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George Washington Masonic National Memorial – Pic of the Week

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At an impressive 333 feet, the nine-story George Washington Masonic National Memorial (GW Memorial), built on a hill in Alexandria, Virginia, can be seen from almost anywhere in Alexandria. Ever since I moved to Alexandria in 2018, I have been meaning to visit the GW Memorial, in particular the observation deck, but somehow I never got around to it. It took some out-of-town visitors to finally get me to go, and I am glad I did!

A view from the observation deck of the George Washington Masonic National Memorial, looking down a sloping lawn toward the city and river.
George Washington Masonic National Memorial. View from observation deck. Photo by Jenny Gesley.
Front of the George Washington Masonic National Memorial. The building's facade looks like a Greek temple and features a tall tower in the center.
George Washington Masonic National Memorial, Alexandria, VA. Photo by Jenny Gesley.














The GW Memorial was designated a National Historic Landmark in 2015. The National Park Service awarded this designation to “recognize the significance of the Memorial as the only major unified, fully national initiative of the Freemasons and among the boldest attempts by a private organization to memorialize George Washington.” According to the website, the mission of the Memorial is to “inspire humanity through education to emulate and promote the virtues, character and vision of George Washington, the Man, the Mason and Father of our Country.” To that end, every floor of the building is dedicated to a different purpose, where you can learn about the life of George Washington, his life as a Freemason, and about Freemasonry in general. The tour visits every floor of the building, with the exception of the research library, which is open to the public and researchers by appointment only.

Circular chart displaying the Masonic organizations and how they are structured.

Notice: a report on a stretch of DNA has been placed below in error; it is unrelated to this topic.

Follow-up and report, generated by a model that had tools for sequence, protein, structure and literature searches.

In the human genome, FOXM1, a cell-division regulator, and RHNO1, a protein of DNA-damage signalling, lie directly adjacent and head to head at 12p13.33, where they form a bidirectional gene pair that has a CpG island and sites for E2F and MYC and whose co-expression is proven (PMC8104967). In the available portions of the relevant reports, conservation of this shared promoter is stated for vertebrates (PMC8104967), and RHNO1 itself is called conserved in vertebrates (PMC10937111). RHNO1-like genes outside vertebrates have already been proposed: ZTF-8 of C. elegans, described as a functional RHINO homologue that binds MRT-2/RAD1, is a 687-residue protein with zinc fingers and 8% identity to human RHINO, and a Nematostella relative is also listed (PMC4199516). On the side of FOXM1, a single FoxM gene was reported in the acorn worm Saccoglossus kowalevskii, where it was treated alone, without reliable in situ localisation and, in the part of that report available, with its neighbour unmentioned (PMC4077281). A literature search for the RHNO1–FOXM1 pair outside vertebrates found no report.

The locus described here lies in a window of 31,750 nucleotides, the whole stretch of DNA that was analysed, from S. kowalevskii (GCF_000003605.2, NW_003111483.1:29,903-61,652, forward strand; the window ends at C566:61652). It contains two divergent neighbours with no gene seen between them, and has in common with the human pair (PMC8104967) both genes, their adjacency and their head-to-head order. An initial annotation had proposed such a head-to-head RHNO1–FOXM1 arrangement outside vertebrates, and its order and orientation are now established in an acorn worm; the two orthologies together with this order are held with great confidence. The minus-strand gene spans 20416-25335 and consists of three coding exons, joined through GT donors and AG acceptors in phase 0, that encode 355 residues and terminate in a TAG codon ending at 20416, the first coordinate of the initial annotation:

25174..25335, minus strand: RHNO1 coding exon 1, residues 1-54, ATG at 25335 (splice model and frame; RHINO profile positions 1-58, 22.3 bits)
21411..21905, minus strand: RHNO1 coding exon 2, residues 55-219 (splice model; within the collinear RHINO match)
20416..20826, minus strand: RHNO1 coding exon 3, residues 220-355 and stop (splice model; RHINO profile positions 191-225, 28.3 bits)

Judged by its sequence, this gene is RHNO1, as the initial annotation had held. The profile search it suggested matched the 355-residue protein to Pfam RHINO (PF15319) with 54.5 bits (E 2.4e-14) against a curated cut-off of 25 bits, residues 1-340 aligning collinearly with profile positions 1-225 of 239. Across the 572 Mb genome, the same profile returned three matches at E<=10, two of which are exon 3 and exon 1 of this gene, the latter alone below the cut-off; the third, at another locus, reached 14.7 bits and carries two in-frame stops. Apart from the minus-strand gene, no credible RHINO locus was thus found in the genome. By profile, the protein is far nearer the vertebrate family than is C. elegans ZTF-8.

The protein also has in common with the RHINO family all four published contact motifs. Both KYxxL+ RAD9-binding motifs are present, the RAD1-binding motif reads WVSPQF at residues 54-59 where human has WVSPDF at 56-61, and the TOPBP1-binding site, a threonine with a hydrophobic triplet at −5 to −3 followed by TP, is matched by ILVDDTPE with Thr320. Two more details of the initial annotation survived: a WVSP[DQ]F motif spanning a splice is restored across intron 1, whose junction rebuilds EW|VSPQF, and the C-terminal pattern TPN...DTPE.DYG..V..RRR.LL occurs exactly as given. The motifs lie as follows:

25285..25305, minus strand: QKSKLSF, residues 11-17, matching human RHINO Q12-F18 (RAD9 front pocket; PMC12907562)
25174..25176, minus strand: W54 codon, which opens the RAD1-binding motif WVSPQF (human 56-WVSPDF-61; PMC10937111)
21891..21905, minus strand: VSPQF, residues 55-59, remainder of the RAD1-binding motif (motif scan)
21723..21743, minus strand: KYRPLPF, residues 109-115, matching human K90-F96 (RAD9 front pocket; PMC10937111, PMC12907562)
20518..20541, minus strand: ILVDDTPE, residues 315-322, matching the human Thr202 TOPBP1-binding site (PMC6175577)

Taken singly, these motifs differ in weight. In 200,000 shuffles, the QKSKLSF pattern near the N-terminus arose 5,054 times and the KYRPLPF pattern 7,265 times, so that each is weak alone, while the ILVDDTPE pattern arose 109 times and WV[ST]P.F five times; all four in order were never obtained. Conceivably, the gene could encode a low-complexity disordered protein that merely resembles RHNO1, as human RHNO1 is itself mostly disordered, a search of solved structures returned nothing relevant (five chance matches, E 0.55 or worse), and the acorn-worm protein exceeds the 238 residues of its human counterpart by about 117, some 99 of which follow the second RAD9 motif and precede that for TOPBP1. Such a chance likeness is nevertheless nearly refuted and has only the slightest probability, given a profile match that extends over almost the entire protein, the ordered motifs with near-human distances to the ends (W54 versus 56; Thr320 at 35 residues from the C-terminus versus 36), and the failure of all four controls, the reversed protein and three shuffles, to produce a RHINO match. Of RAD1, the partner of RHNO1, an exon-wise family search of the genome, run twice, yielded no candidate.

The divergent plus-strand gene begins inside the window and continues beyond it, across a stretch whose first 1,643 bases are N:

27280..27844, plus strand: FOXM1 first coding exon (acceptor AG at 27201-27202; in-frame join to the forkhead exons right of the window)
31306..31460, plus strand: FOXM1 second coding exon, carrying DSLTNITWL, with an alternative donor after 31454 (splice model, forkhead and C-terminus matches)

Chart of masonic organizations. Photo by Jenny Gesley.
Statue of George Washington between two columns on a black and white checkered floor.
Statue of George Washington. Photo by Jenny Gesley.














A trowel used for the corner stone ceremony sits in a glass case in the museum.
Trowel used for corner stone ceremony. Photo by Jenny Gesley.

The building was designed by the architect Harvey Wiley Corbett, who later built the Rockefeller Center. Although the building was dedicated in 1932, it was not finished until 1973, when the final granite facing was installed. The design was inspired by the lighthouse of Alexandria, Egypt, and the building was therefore constructed in the neoclassical style to reflect the Greek and Roman architecture. The trowel used to lay the cornerstone of the building was also used by George Washington when he presided over the ceremony to lay the cornerstone of the U.S. Capitol on September 18, 1793. He later presented it to the master of the Alexandria Lodge No. 22, who assisted in the ceremony.

If you have ever wanted to know about George Washington’s life as a Freemason, the GW Memorial is the place to go. I learned, among other things, that in 1752, George Washington became a member of the Masonic Lodge in Fredericksburg, Virginia, and was initiated as an Apprentice Freemason (First Degree). In 1753, he was first raised to Fellow Craft Freemason (Second Degree), and then to the Sublime Degree of Master Mason (Third Degree), the highest basic rank among the Freemasons. When he died in 1799, he was buried in accordance with American Episcopal Church burial rites accompanied by a Masonic funeral ceremony conducted by members of Alexandria Lodge No. 22.



  1. Thanks for writing this!

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